Tribal Profiles
Alaska - Yupik Region


Yupik

Rural Alaska has witnessed drastic lifestyle changes in the short time since it became a state in 1959. These changes include an ever-increasing dependence on fossil fuels, particularly gasoline and diesel fuel. Fossil-fuel use impacts virtually every aspect of Alaska's ecosystems even as it helps alleviate some of the demands of living in such a harsh environment. Today, nearly all Alaskan residents rely on fossil fuels in their daily activities. The use of snowmobiles and motorized boats has helped ease the intense and rigorous lifestyle of rural residents-they have allowed for a more comfortable way to hunt, fish, and gather traditional foods.

While these new technologies add to the problem of fossil-fuel dependence, they also provide ways to adapt to climate change impacts. The people of Southwest Alaska have noticed extreme changes in the environment, including lower precipitation rates, which result in lower lake and river levels. These lower water levels have prevented hunters from entering previously accessible areas in some tributaries. However, with recent technologies such as jet-drive outboard motors, people can again reach these hunting areas, thus easing the transition to the evolving landscape.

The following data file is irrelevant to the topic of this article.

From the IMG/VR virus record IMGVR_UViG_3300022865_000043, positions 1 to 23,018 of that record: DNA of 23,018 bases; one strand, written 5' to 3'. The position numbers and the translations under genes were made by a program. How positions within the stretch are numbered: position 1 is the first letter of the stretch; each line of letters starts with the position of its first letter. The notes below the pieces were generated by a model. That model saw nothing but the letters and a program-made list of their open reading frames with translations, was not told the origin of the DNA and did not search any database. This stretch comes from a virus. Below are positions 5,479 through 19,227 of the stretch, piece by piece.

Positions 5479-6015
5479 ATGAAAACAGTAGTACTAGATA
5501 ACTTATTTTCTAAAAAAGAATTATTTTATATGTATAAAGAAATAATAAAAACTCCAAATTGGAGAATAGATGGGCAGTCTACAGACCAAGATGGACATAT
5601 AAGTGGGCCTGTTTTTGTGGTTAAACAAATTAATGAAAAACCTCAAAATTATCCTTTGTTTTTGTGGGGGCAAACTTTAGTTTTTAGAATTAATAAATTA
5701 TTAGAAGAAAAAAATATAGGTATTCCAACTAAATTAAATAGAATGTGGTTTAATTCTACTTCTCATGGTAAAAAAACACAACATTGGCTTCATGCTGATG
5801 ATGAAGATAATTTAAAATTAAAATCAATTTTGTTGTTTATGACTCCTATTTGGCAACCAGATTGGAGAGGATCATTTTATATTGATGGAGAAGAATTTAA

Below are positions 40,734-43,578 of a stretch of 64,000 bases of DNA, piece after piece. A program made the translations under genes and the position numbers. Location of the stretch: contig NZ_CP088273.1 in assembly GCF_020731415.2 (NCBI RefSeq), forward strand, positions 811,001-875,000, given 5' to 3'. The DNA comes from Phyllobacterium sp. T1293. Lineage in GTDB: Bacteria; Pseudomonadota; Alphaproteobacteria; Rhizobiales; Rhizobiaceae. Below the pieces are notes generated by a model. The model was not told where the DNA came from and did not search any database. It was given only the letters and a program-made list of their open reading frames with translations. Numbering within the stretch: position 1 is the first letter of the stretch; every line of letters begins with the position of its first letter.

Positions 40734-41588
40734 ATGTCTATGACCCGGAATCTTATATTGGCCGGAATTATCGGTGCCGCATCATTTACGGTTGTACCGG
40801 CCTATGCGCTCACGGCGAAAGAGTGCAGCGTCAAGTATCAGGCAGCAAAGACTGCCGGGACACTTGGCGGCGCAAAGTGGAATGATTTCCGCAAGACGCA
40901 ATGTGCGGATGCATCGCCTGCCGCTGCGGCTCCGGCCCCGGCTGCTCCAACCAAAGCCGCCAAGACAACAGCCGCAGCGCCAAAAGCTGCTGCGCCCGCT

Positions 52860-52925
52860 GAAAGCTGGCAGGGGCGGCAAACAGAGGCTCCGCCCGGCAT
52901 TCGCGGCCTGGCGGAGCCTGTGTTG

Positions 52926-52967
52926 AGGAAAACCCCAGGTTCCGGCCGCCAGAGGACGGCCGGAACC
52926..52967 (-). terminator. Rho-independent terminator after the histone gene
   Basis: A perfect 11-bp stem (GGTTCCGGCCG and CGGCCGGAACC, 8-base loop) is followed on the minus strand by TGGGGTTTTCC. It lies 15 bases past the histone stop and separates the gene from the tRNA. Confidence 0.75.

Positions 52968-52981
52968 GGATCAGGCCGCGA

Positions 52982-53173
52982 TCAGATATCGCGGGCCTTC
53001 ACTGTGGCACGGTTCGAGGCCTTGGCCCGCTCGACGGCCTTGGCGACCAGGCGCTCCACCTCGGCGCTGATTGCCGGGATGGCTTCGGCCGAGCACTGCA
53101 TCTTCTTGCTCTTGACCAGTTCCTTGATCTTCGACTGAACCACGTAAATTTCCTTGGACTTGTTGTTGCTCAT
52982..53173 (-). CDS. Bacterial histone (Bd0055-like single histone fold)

©2002 Institute for Tribal Environmental Professionals & Northern Arizona University
Last updated: February 10, 2011